Juju caters for the case where you may not be able to access a more traditional cloud in a straightforward way; maybe you can't create additional instances, or perhaps your cloud is really a collection of disparate hardware.
Whatever the case, as long as Juju can log into these machines they can be used as part of a Juju cloud. It won't be quite the same as using a standard cloud - without the ability to create new instances when they are desired, you will be missing out on some of the Juju magic. You can still deploy and manage applications though, with a bit of extra effort.
- You will need at least two machines
- The machines must already have Ubuntu or CentOS installed
- They must be running SSH (see notes below for CentOS)
- You will need a login with sudo privileges on all machines
- All machines must be able to communicate with each other over the network
Use the interactive
add-cloud command to add your Manual cloud to Juju's list
of clouds. See the 'Manual' entry under
Specifying additional clouds for
As with other clouds, Juju needs to create a controller to manage models and other instances in the cloud. Bootstrapping is the same as for 'regular' clouds, except in this case, after the cloud type you should supply the network address of the machine you wish to use as the controller:
juju bootstrap manual/192.168.1.128 mycloud
Note that it is also possible to use the other common bootstrap parameters here (see 'bootstrap' in the command reference).
bootstrap command creates the controller and initial models that Juju
uses. Deploying applications will require additional machines to be made
available though. The more conventional Juju cloud types can create machines
automatically, but in the case of a manual cloud you will have to specify these
This is done by using the
add-machine command in Juju. This will install the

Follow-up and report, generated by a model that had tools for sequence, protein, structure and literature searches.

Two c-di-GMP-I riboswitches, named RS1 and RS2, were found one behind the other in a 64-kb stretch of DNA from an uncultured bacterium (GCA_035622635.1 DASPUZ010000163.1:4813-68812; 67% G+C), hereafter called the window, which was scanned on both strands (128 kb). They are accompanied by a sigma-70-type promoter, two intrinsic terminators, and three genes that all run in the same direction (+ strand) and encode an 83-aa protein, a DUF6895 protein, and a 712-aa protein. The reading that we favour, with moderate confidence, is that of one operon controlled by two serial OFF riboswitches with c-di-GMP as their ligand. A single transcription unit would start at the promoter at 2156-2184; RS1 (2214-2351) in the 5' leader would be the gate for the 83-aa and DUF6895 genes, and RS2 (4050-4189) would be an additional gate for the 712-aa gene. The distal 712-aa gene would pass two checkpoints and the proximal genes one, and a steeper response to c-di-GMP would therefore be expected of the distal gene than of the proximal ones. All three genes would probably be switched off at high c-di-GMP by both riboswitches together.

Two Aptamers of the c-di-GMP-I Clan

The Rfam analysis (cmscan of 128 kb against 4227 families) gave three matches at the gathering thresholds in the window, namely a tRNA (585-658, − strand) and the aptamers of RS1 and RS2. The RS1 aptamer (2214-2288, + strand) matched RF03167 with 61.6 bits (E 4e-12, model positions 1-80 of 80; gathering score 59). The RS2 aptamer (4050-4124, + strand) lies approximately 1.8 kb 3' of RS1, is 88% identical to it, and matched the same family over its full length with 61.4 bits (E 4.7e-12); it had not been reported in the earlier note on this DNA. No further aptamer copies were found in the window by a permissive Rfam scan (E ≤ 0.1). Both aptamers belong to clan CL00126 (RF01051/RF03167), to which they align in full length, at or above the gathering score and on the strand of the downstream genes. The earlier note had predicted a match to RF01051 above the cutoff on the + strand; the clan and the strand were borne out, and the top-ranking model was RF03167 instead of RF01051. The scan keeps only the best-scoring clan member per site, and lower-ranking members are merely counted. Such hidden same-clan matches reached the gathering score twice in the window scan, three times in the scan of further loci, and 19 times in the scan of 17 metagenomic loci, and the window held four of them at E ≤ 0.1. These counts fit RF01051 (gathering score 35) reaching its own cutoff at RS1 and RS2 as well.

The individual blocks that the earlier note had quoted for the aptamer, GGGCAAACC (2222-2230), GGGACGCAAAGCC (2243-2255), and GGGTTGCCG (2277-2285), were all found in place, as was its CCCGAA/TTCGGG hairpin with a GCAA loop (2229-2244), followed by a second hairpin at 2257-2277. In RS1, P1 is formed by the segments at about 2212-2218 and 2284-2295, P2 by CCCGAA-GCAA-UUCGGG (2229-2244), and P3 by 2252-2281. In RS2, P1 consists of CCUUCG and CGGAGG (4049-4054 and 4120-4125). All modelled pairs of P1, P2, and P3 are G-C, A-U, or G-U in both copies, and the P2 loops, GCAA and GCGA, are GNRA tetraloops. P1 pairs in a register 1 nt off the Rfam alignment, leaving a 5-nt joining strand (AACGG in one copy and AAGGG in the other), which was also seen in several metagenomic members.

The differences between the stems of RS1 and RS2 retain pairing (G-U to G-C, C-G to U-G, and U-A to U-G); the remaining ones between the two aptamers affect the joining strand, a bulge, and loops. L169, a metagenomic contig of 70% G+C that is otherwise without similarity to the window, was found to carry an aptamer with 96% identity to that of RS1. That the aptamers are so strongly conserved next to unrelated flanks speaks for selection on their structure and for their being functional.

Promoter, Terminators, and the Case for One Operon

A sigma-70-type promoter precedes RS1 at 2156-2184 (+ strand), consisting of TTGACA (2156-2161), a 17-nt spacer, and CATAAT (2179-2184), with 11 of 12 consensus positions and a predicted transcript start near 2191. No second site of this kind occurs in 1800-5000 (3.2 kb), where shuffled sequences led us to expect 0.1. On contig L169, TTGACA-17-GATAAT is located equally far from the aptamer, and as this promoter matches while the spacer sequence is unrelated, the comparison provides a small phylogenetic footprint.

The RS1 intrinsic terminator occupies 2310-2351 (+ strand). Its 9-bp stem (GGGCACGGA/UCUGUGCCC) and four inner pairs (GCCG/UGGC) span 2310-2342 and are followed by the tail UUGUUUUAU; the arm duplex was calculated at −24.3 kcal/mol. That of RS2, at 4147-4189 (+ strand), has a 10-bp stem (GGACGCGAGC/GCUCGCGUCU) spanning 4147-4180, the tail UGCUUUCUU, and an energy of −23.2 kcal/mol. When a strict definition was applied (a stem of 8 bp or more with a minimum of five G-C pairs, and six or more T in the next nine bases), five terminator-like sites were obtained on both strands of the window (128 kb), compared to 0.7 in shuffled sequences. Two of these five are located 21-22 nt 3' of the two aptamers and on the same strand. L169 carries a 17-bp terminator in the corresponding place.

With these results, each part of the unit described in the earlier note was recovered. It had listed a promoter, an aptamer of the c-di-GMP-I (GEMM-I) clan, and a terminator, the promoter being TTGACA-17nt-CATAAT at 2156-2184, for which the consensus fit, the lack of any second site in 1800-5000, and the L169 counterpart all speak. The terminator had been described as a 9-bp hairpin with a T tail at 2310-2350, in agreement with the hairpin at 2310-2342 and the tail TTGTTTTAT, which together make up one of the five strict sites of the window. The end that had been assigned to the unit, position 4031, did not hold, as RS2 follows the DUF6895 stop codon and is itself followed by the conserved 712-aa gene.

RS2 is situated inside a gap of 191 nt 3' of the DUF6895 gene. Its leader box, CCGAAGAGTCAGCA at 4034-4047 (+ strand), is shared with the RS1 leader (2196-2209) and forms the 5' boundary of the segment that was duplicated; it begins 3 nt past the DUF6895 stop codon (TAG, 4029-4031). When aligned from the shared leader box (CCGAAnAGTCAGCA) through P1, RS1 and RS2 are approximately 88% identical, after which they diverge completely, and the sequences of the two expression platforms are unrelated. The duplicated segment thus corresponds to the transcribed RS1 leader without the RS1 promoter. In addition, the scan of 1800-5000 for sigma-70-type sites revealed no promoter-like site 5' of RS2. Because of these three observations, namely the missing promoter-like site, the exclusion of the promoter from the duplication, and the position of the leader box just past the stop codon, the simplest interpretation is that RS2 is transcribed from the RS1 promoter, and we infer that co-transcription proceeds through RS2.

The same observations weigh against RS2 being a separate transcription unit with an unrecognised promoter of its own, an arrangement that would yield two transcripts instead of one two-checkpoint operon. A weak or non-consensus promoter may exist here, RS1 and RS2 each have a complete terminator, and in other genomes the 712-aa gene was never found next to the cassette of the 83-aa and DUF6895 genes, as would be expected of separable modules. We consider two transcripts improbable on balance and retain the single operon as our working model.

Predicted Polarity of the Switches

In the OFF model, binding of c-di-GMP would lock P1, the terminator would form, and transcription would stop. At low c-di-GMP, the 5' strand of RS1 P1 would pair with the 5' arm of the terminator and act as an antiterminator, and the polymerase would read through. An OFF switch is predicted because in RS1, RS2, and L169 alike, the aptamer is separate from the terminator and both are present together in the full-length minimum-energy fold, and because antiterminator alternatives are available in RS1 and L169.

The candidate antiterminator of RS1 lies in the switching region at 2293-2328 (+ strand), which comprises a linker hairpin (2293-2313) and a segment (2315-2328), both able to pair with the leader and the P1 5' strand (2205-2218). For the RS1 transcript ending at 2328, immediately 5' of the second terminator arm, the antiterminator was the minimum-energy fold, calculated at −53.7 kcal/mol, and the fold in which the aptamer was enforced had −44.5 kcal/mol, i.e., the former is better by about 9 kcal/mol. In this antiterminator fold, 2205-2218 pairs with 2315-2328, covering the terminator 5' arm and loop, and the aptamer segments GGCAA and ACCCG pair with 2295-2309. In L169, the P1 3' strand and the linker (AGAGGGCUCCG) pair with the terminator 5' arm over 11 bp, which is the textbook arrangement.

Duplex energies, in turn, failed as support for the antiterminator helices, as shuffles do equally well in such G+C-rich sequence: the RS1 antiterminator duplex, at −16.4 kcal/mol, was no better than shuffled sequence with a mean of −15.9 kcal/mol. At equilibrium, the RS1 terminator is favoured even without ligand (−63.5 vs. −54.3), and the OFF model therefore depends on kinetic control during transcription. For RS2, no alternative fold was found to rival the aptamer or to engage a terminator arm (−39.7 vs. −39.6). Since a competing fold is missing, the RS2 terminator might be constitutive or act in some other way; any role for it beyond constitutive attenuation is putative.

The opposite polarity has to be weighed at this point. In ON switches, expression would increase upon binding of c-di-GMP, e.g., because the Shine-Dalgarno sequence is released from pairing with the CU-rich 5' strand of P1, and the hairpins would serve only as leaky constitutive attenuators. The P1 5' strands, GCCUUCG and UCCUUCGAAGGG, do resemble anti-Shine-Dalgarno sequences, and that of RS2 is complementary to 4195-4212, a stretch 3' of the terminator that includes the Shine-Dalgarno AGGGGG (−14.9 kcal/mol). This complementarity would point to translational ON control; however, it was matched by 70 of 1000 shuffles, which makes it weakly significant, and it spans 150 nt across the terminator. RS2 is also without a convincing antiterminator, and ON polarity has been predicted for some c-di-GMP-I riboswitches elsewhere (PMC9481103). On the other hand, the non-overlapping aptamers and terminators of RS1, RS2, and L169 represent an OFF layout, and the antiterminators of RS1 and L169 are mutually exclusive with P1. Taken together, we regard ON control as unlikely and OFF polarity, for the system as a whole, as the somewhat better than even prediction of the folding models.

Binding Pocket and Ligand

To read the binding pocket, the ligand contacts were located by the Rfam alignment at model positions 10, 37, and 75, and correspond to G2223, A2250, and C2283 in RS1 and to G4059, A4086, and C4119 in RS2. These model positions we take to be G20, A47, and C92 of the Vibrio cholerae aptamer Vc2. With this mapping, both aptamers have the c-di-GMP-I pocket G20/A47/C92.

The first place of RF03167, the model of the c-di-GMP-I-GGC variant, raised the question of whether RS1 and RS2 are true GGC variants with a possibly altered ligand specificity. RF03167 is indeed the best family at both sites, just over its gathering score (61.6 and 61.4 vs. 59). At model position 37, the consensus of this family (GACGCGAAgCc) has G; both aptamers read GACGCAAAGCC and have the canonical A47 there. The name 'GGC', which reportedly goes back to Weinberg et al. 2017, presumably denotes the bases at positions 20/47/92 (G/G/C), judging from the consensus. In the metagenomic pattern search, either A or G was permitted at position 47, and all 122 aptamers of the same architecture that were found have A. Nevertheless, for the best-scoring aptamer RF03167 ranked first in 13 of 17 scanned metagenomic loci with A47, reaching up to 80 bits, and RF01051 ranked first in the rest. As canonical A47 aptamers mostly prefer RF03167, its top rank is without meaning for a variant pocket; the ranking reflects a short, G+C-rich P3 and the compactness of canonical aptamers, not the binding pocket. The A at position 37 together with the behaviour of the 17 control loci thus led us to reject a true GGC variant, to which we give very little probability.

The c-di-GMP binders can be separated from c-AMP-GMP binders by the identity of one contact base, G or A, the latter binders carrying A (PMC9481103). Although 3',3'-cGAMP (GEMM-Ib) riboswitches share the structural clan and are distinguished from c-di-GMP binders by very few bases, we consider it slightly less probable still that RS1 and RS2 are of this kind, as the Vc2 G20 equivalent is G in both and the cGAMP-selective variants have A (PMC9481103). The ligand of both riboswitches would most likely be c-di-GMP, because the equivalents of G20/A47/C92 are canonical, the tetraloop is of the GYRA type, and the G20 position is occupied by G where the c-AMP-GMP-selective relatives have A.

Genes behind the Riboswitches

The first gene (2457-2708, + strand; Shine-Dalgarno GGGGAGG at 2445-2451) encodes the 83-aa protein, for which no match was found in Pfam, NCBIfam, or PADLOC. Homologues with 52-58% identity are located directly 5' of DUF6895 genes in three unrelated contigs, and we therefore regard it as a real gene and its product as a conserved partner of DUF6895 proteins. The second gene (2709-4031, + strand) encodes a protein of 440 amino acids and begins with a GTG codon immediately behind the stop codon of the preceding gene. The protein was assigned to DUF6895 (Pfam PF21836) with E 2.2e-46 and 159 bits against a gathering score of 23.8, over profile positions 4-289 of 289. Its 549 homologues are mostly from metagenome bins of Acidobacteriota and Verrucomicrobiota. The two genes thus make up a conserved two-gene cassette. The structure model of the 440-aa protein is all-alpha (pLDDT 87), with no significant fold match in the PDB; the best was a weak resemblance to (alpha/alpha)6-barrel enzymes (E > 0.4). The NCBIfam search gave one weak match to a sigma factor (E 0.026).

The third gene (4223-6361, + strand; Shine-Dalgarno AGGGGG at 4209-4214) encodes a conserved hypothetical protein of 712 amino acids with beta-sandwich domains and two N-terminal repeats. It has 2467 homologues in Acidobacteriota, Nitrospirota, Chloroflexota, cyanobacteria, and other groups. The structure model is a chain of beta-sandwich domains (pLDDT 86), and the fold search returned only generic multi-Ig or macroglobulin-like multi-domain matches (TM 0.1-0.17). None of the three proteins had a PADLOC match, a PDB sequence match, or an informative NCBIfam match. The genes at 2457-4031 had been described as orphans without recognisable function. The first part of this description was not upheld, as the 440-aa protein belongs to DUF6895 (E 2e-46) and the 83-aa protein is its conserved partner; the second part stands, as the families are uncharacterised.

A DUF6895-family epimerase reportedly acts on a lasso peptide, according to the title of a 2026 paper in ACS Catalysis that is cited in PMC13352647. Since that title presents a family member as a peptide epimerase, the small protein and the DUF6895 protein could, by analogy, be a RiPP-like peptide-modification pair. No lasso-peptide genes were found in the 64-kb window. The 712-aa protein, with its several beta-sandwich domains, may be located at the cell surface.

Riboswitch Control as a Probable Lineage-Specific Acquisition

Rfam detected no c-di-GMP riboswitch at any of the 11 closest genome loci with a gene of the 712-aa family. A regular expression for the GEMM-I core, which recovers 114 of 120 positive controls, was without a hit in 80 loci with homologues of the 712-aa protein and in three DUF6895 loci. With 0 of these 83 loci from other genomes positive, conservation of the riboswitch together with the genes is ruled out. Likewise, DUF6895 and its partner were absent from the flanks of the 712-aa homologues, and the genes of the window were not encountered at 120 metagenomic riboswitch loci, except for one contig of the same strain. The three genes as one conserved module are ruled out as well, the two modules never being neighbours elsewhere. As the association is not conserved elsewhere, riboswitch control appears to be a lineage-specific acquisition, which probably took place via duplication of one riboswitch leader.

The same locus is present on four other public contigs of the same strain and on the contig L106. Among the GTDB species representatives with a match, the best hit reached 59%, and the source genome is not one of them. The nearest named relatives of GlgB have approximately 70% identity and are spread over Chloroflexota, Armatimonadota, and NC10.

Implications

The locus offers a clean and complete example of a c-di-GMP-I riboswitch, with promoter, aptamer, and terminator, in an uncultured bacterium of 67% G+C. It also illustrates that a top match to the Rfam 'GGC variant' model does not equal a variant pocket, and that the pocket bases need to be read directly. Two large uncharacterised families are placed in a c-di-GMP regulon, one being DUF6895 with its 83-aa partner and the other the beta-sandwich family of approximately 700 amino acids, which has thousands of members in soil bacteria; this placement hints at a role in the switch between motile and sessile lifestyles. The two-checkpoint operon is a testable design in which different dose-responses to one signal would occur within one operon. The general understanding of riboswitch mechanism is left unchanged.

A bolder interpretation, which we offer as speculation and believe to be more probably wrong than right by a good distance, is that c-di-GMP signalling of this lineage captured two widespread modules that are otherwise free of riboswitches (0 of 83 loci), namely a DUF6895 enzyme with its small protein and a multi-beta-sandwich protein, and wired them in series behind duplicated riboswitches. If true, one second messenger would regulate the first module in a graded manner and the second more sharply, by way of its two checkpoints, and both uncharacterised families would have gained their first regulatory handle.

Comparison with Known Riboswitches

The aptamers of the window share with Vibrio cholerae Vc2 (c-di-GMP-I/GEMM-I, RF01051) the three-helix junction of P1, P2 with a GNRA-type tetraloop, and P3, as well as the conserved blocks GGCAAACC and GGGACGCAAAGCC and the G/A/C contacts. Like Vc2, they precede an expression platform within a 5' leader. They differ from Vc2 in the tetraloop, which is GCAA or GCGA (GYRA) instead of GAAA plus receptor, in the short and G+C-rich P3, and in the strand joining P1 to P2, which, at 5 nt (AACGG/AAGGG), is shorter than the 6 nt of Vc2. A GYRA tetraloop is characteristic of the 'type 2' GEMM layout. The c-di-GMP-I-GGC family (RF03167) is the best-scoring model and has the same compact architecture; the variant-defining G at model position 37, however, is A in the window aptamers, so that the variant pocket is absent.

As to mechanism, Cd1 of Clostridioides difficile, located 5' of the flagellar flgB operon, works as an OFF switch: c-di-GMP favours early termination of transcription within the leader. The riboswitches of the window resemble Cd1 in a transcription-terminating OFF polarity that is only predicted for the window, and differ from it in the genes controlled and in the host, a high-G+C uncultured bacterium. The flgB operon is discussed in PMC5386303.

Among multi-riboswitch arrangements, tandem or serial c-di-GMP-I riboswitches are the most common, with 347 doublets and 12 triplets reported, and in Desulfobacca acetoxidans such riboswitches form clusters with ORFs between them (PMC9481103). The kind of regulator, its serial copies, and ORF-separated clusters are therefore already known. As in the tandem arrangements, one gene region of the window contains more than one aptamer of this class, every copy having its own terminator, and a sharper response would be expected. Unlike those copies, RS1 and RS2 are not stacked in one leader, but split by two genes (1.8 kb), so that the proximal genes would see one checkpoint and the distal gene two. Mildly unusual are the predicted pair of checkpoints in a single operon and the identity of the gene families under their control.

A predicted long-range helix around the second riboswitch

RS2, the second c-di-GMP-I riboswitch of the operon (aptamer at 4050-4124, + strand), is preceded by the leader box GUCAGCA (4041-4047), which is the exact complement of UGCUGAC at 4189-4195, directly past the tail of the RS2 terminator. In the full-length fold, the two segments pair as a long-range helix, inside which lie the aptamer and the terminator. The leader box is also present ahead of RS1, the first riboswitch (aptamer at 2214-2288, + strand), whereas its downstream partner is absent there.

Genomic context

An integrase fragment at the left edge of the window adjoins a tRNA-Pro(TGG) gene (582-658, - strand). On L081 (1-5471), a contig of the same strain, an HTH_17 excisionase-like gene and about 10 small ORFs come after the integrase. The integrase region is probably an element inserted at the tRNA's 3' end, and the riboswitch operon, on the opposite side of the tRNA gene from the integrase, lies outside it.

default series on a given resource, and prepare it for
For example, if you have a machine with the IP address 192.168.1.129, you could add it to your manual cloud with the command:
juju add-machine ssh:firstname.lastname@example.org
In this case, assuming SSH is available and there is a user called 'ubuntu' on that machine, you will be prompted for a password. As the preparation requires sudo privileges on the remote machine, you will be asked for the password once again as the installer initialises.
The process should not take too long, and you will see messages on the screen as the various stages progress. Once the command has returned, you can check the machine is available by running:
Usually Juju will create machines as it needs them. By default, using a charm to deploy an application will automatically create a machine first and then deploy the new application.
With a manual cloud, you need to create your machines in advance, so Juju will need to know which of the machines you wish to target when you deploy a charm (or scale out). This can be done with the use of the placement directives: you need to use the '--to' option to specify the destination, which is either a machine or a container on a machine:
juju deploy wordpress --to 0
...will deploy WordPress on the first machine you added.
There are some additional things to note when using the Manual provider:
- Machines are known to the model Juju is using. If you destroy the model and create a new one, you will have to add the machines again to the new model.
- To improve performance, consider running a local APT proxy (see also configuring a model).
By default, CentOS doesn't install SSH, which is required for Juju to access the machine. In order to prepare a CentOS system to be used as a manual cloud, you will also need to install OpenSSH.
Run the following commands as the root user on the target CentOS system:
yum install sudo openssh-server redhat-lsb-core systemctl start sshd mkdir ~/.ssh chmod 700 ~/.ssh
Now from the machine where the Juju client will be used, run the following command to copy a public SSH key to the CentOS system:
scp ~/.ssh/id_rsa.pub email@example.com:.ssh/authorized_keys
...substituting the IP address for your CentOS machine in the above.
Note: Also check that there is a root password set for the CentOS machine to avoid prompts which may hinder automated SSH operations.